Image of carne guisada in blue bowl

Carne Guisada Puertorriqueña (Puerto Rican Beef Stew)

I’ve previously published individual recipes here for homemade adobo, recaíto, and sazón. This dish is where they all come together. Figuring out how to make each component from scratch was borne out of necessity–there was a time that my spouse and I made carne guisada so often that we were constantly running out of these three key ingredients. The beef is the best part (naturally), so it often goes first. To ensure there is some meat left in the last few servings, I now cut the beef down into bite-sized pieces. No more jockeying to get the first couple of plates, lol! I usually serve this with white rice. I recommend preparing the rice—and/or any other desired side dishes—during Step 3.

2 pounds beef chuck stew meat
1 tablespoon adobo seco
2 tablespoons olive oil
8 cups beef stock
3/4 cup recaíto
1 cup tomato sauce
2 tablespoons vinegar
1 tablespoon sazón
1 pound waxy potatoes (about 3 medium)
1 pound carrots (about 4 large)
1/3 cup (2 ounces) alcaparrado, drained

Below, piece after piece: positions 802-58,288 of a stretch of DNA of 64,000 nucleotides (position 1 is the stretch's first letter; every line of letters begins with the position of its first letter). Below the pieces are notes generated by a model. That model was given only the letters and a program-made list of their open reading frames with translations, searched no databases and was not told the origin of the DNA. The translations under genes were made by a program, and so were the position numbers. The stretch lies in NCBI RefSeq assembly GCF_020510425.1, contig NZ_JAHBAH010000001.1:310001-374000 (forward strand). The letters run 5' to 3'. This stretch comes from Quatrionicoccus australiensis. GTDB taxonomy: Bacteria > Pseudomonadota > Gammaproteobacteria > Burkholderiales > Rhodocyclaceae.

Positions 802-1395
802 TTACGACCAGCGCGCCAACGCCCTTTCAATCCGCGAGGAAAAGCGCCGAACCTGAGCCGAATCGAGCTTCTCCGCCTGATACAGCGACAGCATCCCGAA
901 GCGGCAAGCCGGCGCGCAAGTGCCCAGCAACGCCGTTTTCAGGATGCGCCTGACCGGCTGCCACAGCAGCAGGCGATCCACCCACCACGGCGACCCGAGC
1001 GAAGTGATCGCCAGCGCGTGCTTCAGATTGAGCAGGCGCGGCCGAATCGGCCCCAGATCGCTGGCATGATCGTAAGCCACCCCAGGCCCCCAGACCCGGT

paper towels
cutting board
chef’s knife
measuring cups and spoons
large (5-quart) pot with lid
cooking spoon

1. Pat beef dry with paper towels, cut down into bite-sized pieces, then season with adobo.
2. Heat oil in pot over medium-high heat until shimmering. Add beef and let cook until browned—about 8 minutes. Flip midway through to ensure even browning.
3. Reduce heat to medium-low. Add stock, recaíto, tomato sauce, vinegar, and sazón. Cover and simmer until beef becomes tender – about 1 1/2 hours. Meanwhile, rough chop potatoes and then peel and slice carrots.
4. Add potatoes, carrots, and alcaparrado to stew. Stir. Raise heat to medium-high and boil, uncovered to thicken stew, until potatoes and carrots are tender—about 30 minutes.

• Alcaparrado is a mixture of Manzanilla olives, pimiento strips, and capers.
• In the right light, hot oil looks faintly iridescent; it “shimmers”. The surface also develops faint ripples. Don’t see it? Place a piece of beef into pot. If oil immediately froths up, it is hot enough to cook with.
• Peeling the carrots isn’t strictly necessary but I find peeling them brings out their color, which makes the finished dish look even more appetizing.

2 hours, 10 minutes

8 servings

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